Fire Emissions Pose Health Threats Hundreds of Miles from the Flames

A new model by researchers in Carnegie Mellon University’s College of Engineering shows that health hazards from fires go beyond the burned areas, and fire emissions can contribute to cardiovascular disease hundreds of miles from the flames. The researchers said the risks are greater and more widespread than most predictive models show.

Spyros Pandis, professor of chemical engineering, warned that people downwind of a fire are not fully anticipating its possible effects on their health.

“The evidence suggests that these emissions are just as bad for our health as that of other combustion sources, such as vehicle and industrial emissions,” Pandis said. “The emissions from wildfires contain thousands of complex organic compounds, some of them carcinogenic.”

The emissions in question are biomass burning organic aerosols, which originate from burning plants, trees and other organic matter. Pandis, along with Allen Robinson, head and professor of mechanical engineering; and Laura Posner — who graduated with a doctorate in chemical engineering — created a 3D model of biomass burning organic aerosols to track two types: primary organic aerosols and secondary organic aerosols. Their work was published in the journal Atmospheric Environment.

Primary organic aerosols are emitted directly into the atmosphere from the fire in the particle phase and are mostly concentrated within a fire’s vicinity. Secondary organic aerosols consist of organic vapor emissions that condense in the particle phase after burning and spread out further. Most computer models that track particle movement in the air after a fire track primary emissions and ignore secondary emissions.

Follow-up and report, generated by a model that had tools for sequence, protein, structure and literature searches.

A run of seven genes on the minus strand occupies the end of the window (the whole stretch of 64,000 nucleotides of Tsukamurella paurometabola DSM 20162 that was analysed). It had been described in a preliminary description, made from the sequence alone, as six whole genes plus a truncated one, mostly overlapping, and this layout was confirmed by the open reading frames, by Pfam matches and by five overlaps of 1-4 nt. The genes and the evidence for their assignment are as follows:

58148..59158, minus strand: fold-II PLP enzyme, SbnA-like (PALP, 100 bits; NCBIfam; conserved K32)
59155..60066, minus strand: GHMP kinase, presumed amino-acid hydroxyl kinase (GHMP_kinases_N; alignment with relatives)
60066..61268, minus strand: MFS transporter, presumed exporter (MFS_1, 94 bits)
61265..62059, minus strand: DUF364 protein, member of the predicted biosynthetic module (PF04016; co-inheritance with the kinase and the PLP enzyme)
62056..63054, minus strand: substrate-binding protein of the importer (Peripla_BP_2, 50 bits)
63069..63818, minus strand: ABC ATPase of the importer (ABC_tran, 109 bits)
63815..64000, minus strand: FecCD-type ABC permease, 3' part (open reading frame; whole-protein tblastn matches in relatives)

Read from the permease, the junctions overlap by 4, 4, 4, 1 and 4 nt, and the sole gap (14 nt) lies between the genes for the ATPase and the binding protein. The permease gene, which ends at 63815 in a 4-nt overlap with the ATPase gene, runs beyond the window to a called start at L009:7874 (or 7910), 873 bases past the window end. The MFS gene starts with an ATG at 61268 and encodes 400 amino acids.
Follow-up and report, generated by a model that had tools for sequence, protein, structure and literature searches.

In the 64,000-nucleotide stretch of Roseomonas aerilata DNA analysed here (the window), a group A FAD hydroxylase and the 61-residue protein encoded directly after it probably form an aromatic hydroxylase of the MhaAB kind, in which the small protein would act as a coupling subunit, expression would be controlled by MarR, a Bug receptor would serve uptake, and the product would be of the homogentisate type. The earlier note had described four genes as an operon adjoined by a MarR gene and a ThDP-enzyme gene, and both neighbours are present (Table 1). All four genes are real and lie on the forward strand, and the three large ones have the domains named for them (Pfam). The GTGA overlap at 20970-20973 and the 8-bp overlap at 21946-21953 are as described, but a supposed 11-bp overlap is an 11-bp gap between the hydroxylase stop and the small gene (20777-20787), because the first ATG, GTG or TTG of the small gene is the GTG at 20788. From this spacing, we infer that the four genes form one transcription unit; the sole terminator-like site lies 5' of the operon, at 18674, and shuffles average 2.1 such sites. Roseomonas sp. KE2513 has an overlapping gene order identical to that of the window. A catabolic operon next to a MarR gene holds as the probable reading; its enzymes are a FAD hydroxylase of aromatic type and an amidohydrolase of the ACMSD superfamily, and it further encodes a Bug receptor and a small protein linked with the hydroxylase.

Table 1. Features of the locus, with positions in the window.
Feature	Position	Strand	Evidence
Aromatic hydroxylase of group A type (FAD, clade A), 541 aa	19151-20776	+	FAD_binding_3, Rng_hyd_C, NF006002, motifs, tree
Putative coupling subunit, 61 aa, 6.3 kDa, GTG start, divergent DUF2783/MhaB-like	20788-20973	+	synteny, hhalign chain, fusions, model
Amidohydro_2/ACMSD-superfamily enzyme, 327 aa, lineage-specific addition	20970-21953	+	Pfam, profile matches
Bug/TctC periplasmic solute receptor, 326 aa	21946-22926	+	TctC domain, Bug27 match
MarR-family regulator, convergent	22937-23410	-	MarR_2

For the new model, the team entered data from across the U.S. from three months of 2008, creating a set of predictions that they then checked against historic data from aerosol tracking networks and predictions from a model focused only on primary organic aerosols.

The researchers studied April, when controlled agriculture fires boosted emissions; and July and September, when wildfires were most common.

Taking secondary organic aerosols into account, the researchers’ model predicted significantly higher average concentration values of biomass burning organic aerosols than less-sophisticated models — 66 percent higher in April and a little more than 100 percent higher in July and September. The CMU researchers’ model was more accurate when compared to actual measurements. They also showed that the secondary organic aerosols previously were underestimated.

“Atmospheric chemistry acts as a booster,” Pandis said, “producing additional particulate matter as the plume moves away from the fire one or two days later. The effects, of course, get smaller as one gets away from the fire, but it can remain significant up to 600 miles away — even if it’s no longer visible as thick smoke. This enhancement is stronger during warm sunny days.”

Wildfires decimated 8.8 million acres in the United States in 2018, on a sharp curve up from a little more than 2 million in 1985, according to the National Interagency Fire Service.

The authors said they hope that this research will help expand the public’s understanding of the severity of these wildfires and the importance of limiting them in the future.

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